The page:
Over 3000 genomes have been sequenced, annotated and deposited in the archives maintained by the International Nucleotide Sequence Database Collaboration. While these genomes are mostly bacterial, the number of eukaryotic species sequenced already exceeds 200; and increasing quantities of data are available for most of these species, with resequencing of large populations of individuals (to identify polymorphism) now common in all parts of the taxonomy. These developments have created a need for sophisticated systems [e.g. Ensembl, the Generic Model Organism Database toolset (http://gmod.org
), the UCSC genome browser (6
)] for the management of genome-scale data; but the growth in data volumes (the nucleotide archives are presently doubling in size every 9 months) naturally raises questions of future scalability. In the case of annotated genomes, such concerns are focused less on absolute data volume (as an annotated genome sequence is itself a compacted, interpreted form of the raw data present in the archives), but on the human resources needed to integrate and interpret the raw data correctly. Pipelines for constructing Ensembl databases are highly automated, but owing to differences in the biology and available data for each species, the production of high quality annotation still depends on a measure of manual intervention (for parameterization, quality control and biological validation). Expert groups focused on particular organisms exist in many domains, but sometimes lack the resources to develop infrastructure to support the increasing variety of available data types. Moreover, cross-species analysis may be difficult when data is distributed across different sites, each with their own technical implementations.
In Ensembl Genomes, we address these problems by collaborating with community-based groups maintaining specialized resources, to assist in the process of genome annotation and to provide a permanent integrative portal for data from many species. The form of these collaborations depends on the mandate and expertise of the collaborating group, and the fit of their data to the Ensembl toolset. In domains where a well-established resource (such as a model organism database) is already maintaining primary annotation, this information is integrated into the Ensembl data structure, and supplemented with additional high-value data sets where available. In many cases, Ensembl Genomes actively participates in these community-based initiatives, directly contributing to the production of reference annotation. In these partnerships, each project's own portal remains the primary point of access for researchers working within the relevant domain, and will often display a wide range of data types; while Ensembl Genomes places the project's genome-centric data in its broader context. We believe that this model for collaboration—involving specialized resources, which take custodianship of collections of closely related genomes and which are grounded in their own communities; the re-use of technology and expertise; and the provision of a pan-taxonomic integrating portal—is a viable response to increasing data growth.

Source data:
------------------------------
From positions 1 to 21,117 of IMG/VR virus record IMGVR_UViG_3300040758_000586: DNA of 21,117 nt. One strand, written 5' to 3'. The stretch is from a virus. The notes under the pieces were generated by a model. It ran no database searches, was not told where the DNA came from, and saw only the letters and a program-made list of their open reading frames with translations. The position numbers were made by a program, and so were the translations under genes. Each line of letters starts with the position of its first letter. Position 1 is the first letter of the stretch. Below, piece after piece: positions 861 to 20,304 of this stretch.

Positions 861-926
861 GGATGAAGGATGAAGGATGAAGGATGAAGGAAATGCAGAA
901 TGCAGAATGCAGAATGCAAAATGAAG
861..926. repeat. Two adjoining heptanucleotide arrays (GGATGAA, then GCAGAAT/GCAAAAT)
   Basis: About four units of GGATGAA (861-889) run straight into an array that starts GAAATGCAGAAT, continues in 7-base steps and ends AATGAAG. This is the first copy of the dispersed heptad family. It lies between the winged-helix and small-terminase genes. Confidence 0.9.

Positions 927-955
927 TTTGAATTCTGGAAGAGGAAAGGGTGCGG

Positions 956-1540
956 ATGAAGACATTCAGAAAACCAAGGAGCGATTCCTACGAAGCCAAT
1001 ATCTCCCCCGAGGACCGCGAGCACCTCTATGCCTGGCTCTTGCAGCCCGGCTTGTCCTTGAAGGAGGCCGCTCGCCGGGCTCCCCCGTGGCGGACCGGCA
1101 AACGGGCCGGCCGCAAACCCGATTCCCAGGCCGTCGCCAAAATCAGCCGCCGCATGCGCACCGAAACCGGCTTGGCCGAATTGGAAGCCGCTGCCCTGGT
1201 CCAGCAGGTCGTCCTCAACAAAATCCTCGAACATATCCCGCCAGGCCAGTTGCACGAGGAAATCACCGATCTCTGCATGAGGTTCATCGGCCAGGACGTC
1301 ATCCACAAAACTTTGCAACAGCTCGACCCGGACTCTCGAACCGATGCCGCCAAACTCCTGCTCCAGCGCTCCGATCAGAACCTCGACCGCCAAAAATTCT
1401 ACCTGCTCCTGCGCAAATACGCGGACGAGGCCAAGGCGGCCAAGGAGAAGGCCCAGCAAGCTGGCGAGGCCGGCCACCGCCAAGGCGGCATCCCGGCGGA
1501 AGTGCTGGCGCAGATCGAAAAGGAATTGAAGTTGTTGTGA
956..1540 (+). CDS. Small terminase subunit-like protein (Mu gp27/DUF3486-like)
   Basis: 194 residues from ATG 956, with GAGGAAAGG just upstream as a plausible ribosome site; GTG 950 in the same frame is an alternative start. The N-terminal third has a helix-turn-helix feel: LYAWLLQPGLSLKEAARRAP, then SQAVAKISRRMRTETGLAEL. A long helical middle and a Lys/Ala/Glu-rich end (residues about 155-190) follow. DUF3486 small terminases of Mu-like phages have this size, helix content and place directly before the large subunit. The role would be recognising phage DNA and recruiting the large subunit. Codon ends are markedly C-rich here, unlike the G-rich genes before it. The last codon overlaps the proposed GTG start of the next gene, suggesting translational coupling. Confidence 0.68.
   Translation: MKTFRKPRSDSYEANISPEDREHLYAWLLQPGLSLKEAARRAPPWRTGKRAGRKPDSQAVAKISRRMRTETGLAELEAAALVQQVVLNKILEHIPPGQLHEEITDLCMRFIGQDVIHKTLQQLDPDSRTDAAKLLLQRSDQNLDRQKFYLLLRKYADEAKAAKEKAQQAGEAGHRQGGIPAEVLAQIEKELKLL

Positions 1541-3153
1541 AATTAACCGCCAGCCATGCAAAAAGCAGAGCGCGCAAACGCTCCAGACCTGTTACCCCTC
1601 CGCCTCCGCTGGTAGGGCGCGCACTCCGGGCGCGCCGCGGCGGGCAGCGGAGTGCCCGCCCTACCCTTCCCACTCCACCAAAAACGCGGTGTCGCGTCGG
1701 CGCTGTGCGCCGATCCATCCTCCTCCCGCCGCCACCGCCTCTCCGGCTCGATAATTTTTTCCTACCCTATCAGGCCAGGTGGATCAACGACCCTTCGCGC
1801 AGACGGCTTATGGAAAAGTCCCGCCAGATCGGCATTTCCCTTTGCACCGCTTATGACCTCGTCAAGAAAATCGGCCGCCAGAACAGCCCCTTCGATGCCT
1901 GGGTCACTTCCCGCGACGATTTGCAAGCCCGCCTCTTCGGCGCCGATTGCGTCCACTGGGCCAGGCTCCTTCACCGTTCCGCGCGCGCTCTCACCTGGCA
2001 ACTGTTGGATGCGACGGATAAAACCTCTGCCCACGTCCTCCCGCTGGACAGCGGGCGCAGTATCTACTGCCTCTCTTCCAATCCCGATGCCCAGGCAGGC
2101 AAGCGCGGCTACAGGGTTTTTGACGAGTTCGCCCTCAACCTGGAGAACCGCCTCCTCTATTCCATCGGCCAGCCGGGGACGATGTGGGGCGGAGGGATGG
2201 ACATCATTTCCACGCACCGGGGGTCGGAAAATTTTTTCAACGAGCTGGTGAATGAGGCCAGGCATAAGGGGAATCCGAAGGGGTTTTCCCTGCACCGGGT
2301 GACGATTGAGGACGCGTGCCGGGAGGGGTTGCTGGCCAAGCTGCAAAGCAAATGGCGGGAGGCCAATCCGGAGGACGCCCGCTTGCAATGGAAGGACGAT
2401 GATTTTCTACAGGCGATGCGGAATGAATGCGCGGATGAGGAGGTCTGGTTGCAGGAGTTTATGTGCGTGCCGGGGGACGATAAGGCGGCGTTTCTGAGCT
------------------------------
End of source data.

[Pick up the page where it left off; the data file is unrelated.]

In the plant domain, we work with Gramene (http://www.gramene.org
), a peer resource (also utilizing Ensembl technology) to maintain a common resource for plant genomics in Europe and USA. We have also recently established a new collaborative network, transPLANT, to develop a European-wide infrastructure for genome scale data in plants. We are part of the VectorBase (http://www.vectorbase.org
) consortium (8
), a NIH NIAID resource for the genomes of invertebrate pathogens of human diseases. We have recently joined WormBase (http://www.wormbase.org
), which maintains resources for nematode genomes, especially the model species Caenorhabditis elegans
. Two recent collaborations have established PomBase (http://www.pombase.org
), a new model organism database focused on the fission yeast Schizosaccharomyces pombe
; and PhytoPath (http://www.phytopathdb.org
), a resource for plant pathogens, with a focus on fungi and oomycetes. These two projects are utilizing Ensembl software for data visualization. Additionally, we have been working with the Central Aspergillus
Data Respoistory, CA
) on genomes of the genus Aspergillus
; and with the Broad Institute and the U.S. Agricultural Research Service on the genome of the wheat stem rust pathogen, Puccinia graminis
. We are always open to new collaborations to extend the range of species covered, and to analyse and integrate the output of specific scientific projects.